Teenagers Kevin LeBlanc and Olivia Mehaffey had the honour of representing Ireland at the Youth Olympic Games in Nanjing, China, as golf re-entered the International Olympic Committee fold in a country described by one of the Chinese game’s most influential figures as “the next frontier”.
When golf last featured in an Olympics, at the 1904 Games in St Louis, only the USA, Canada and Great Britain participated. From three countries, the International Golf Federation expects more than 30 to be represented at the 2016 Summer Games in Rio and the global reach of the game was also on show in Nanjing as China hosted 64 athletes from 34 countries competing in three events, a men’s, women’s and mixed competition at the Gary Player-designed Zhongshan International Golf Club.
Ireland went into the tournament ranked second by the IGF behind Great Britain and had a strong team in The Island’s LeBlanc, the 16-year-old winner of last month’s Junior Open Championship, and Royal County Down’s Olivia Mehaffey, 17.
China, still finding its way in the sport, had one male entrant, 17-year-old Zecheng Dou, who passed up the opportunity to compete in the prestigious US Amateur Championship at Atlanta Athletic Club to play at the Youth Olympics.
Yet Tenniel Chu, deputy commissioner of the One Asia Tour and group vice-chairman of Mission Hills, the world’s largest golf resort built by his father, believes Chinese golf is only just beginning its path along the road to prominence.
And having become the largest promoter of junior golf events in the world as well as offering free access for youths at three of Mission Hills’s 12 courses at his luxury facility in Shenzhen near Hong Kong, Chu is confident there is a golf boom coming in the world’s most populous country.
“Our mission is to bring China to the world and the world to China and having the world’s largest population of 1.3 billion, all it takes is 3% of the country’s population to play the game of golf and you have the world’s largest golfing market,” Chu said.
“When you have the world’s largest golfing market, all the equipment, all the different suppliers, the whole golfing industry will rotate. When you have the world’s largest country playing the game there’s definitely a big role to take on to cater to the market and this is what Mission Hills has always been, as the window to help China connect to the world and help to grow the whole industry.
“It’s no longer about Mission Hills growing bigger and bigger. Okay, I have the world’s biggest golf club, I keep breaking my own record and we have five Guinness awards already. There’s no point in continuing to break new records, it’s about giving back and growing the game, making the game fun, accessible, youthful.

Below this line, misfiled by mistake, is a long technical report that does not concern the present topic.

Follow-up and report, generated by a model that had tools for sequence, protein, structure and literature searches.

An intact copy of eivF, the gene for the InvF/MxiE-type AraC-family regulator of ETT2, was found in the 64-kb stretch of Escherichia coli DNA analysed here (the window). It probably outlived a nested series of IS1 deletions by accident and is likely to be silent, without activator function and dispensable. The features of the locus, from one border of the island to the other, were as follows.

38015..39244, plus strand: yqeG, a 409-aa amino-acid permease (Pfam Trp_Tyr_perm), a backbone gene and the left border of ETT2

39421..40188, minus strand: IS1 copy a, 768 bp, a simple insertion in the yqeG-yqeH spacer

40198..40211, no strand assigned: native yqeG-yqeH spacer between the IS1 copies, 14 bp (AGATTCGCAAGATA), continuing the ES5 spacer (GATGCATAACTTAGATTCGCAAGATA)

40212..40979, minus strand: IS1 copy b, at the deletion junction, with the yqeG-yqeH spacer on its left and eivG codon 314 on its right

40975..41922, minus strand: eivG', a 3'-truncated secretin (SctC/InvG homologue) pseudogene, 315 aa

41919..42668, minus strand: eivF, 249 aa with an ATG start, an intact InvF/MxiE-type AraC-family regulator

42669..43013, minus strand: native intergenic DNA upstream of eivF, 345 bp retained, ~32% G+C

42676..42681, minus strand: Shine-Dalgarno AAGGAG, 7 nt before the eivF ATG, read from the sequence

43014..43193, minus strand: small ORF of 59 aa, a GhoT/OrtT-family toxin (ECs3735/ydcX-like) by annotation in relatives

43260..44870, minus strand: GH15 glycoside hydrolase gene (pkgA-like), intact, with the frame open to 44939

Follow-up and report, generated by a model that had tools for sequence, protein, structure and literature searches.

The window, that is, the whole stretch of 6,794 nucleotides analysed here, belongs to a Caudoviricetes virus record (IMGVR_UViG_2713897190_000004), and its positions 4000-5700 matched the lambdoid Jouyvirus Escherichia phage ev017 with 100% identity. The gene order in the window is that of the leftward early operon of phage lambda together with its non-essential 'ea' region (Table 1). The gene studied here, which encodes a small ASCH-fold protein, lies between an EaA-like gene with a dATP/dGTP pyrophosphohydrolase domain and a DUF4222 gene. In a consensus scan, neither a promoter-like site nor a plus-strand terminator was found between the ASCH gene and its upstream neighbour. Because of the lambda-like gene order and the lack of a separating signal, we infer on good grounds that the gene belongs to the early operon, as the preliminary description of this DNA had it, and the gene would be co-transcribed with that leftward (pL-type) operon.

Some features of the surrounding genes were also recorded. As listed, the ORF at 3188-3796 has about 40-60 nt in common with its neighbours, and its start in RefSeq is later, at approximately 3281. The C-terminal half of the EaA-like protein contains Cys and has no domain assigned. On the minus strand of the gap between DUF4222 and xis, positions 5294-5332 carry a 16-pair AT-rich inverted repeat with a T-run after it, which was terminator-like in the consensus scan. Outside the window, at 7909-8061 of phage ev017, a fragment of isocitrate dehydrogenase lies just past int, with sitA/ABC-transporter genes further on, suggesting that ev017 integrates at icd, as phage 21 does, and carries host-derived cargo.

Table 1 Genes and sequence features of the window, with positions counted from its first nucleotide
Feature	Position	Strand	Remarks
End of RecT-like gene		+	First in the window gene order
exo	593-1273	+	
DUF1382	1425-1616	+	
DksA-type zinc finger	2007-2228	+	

“Definitely people recognise the game of golf, how valuable it is in terms of their character development and as a business tool. They understand the concept now but now it is about making it accessible.
“The Youth Olympics take place in China and this is the first chance for golf on its return to the Olympic family so it will be interesting to see a lot of the youth who have gone through our programme, they will be representing China at the Youth Games and it’s good to see them involved and for it to become more of a breeding ground at the grassroots level.”
Joining the Olympic movement, both in Nanjing and at Rio 2016, can only accelerate Chinese interest in golf, particularly as Chu has helped bring on board global icon Greg Norman, one of his star course designers at Mission Hills, to oversee the Chinese Olympic golf teams.
“Once the game is part of the Olympic family I think it is seen as a common game, not for the elite or the wealthy, and the government will give it much more attention for funding and anything that could get a medal for the country.
“So definitely, golf in the Olympics is a big motivational drive and we are there for it. Both the male and the female Olympic teams are formulated at Mission Hills.
“That’s where they train and that’s where they were formulated and we invited Greg Norman in as a special consultant to the national team to assist in its development.”
Golf is clearly moving in the right direction in China, its growth underlined by the growing number of tournaments in the country being co-sanctioned by major tours, male and female, from other continents with the European Tour recently opening an office in Beijing.
“I think this year is only the 30th anniversary of China golf,” Chu said. “I was speaking to [R&A chief executive] Peter Dawson recently and he was saying there was no other country that has developed golf faster than China. “This is the next frontier and where the next big golf boom is happening.”